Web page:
THE Australian Pesticides and Veterinary Medicines Authority (APVMA) has urgently referred test results to the Office of Chemical Safety after an ABC Four Corners investigation found elevated levels of dangerous dioxins in a generic version of widely used herbicide 2,4-D.
2,4-dichlorophenoxyacetic acid (2,4-D) is a systemic herbicide used post emergence for the control of broadleaf and grass weeds on crops, turf, forestry and waterways.
Dioxins are chemical compounds that have been linked with a number of cancer and non-cancer health effects including reproductive effects and suppression of the immune system.
Four Corners broadcast the findings on Monday July 22 in a program on the legacy of herbicides 2,4,5-T and 2,4-D, which reportedly killed many Australians who sprayed the dioxin-contaminated chemicals in the 1970s and '80s.
"The APVMA is always concerned about allegations of undeclared impurities found in registered products," APVMA chief executive Kareena Arthy said.
Croplife Australia CEO Matthew Cossey said he was worried by reports of cheaper generic substandard 2,4-D products coming into Australia, and a regulatory system should have an independent testing regime for substances like dioxins.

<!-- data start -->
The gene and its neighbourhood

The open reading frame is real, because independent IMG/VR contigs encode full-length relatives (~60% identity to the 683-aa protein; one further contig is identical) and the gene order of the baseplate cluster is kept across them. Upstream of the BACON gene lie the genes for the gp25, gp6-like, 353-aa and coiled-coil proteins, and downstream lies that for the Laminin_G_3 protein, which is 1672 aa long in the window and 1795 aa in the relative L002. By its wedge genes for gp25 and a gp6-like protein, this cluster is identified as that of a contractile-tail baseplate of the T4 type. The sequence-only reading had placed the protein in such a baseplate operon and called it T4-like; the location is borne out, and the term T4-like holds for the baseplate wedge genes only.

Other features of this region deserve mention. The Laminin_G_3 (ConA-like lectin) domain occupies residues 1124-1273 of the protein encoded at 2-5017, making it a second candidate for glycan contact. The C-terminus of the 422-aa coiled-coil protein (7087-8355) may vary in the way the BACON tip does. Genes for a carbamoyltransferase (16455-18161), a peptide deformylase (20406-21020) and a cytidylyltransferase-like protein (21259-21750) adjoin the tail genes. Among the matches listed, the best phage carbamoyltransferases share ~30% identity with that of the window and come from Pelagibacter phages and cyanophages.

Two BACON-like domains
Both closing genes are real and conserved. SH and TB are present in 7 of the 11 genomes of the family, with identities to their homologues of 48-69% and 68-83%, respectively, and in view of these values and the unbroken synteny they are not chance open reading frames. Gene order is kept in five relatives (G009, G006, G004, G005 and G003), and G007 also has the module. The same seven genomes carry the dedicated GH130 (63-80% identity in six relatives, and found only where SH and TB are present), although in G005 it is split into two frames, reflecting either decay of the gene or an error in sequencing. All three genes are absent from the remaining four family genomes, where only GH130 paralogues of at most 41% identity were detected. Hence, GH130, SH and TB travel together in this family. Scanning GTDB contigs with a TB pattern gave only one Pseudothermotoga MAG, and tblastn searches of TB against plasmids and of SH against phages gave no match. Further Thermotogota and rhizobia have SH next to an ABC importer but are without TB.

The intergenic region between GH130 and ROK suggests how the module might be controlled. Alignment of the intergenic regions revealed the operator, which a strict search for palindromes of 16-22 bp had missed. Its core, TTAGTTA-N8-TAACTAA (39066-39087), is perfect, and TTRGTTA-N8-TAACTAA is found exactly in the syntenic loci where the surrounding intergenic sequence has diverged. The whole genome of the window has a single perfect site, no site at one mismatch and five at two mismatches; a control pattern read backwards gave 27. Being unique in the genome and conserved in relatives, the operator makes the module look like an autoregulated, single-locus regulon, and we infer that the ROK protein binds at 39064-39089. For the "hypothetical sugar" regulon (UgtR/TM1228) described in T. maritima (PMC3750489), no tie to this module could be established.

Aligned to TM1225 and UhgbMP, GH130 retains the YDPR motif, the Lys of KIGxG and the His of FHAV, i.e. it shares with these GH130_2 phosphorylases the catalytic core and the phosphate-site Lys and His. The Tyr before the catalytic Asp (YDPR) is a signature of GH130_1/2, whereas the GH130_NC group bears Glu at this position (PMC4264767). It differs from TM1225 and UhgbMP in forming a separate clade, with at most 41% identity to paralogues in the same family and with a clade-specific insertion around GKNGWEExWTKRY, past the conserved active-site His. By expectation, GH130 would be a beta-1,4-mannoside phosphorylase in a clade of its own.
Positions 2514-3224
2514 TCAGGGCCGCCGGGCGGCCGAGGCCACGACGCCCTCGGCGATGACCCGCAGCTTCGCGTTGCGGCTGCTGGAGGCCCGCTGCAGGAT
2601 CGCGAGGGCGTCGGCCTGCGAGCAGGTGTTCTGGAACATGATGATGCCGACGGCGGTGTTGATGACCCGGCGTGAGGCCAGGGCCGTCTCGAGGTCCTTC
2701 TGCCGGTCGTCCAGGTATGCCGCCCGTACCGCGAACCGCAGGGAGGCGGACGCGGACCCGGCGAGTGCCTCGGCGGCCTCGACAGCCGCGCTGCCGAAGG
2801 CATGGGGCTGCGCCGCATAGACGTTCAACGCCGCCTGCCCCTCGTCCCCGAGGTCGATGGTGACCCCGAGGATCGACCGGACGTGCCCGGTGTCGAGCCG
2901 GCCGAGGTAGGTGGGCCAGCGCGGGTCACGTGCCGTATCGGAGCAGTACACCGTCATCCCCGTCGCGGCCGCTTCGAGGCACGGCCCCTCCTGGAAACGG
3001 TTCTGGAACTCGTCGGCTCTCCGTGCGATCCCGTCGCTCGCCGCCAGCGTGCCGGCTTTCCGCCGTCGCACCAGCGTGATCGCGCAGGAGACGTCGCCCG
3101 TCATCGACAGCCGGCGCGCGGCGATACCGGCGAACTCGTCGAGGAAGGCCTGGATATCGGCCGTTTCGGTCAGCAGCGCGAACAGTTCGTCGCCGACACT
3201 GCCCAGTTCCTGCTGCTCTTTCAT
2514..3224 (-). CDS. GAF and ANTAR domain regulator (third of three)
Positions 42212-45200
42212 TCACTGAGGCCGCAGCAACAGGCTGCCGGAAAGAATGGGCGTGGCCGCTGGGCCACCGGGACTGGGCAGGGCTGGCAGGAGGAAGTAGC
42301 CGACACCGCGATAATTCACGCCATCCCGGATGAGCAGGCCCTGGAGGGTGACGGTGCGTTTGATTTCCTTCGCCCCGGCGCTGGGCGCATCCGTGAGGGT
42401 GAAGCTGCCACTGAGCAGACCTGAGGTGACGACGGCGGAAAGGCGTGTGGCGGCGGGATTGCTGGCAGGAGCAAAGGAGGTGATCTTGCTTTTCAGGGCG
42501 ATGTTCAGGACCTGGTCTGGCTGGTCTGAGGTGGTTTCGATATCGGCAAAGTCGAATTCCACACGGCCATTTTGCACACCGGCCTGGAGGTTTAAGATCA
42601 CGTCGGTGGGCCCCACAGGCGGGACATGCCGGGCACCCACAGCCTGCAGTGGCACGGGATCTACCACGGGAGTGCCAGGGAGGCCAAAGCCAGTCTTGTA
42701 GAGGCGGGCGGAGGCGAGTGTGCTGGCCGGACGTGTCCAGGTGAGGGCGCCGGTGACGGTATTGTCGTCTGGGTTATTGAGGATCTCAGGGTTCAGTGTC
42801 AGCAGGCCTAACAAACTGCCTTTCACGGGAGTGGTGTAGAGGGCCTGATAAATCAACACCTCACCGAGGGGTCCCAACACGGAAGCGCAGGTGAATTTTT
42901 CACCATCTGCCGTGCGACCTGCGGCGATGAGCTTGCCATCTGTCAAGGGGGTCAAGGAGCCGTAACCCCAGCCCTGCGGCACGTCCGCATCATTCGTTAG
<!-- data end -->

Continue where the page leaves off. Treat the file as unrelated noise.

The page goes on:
Croplife issued a statement last week calling on all parties to "commit in earnest to improving the national framework" for the regulation of agricultural chemicals in the lead up to the federal election.
Mr Cossey said while Australia was "fortunate to have an effective, robust, rigorous and scientific chemical registration system" which requires all chemical products to demonstrate their health and environmental safety before they can be registered for use in Australia, inconsistency in state laws was causing problems for the industry.
"Unfortunately inconsistency in state laws that control the use of agricultural chemical products and increased imports of illegal chemicals are undermining public confidence and must be addressed,” Mr Cossey said.
“There is little use in having a regulatory system that assesses and tests legitimate, registered products, while allowing cheap, untested, illegal product to cross our borders and put our farmers, environment and food supply at risk.
"Similarly, there is little use in having strict instructions for the safe use of approved chemical products if those rules are not enforced consistently and effectively."
A spokesperson for the company which owns the product tested by Four Corners said the APVMA did not have any guidelines for dioxins in 2,4-D.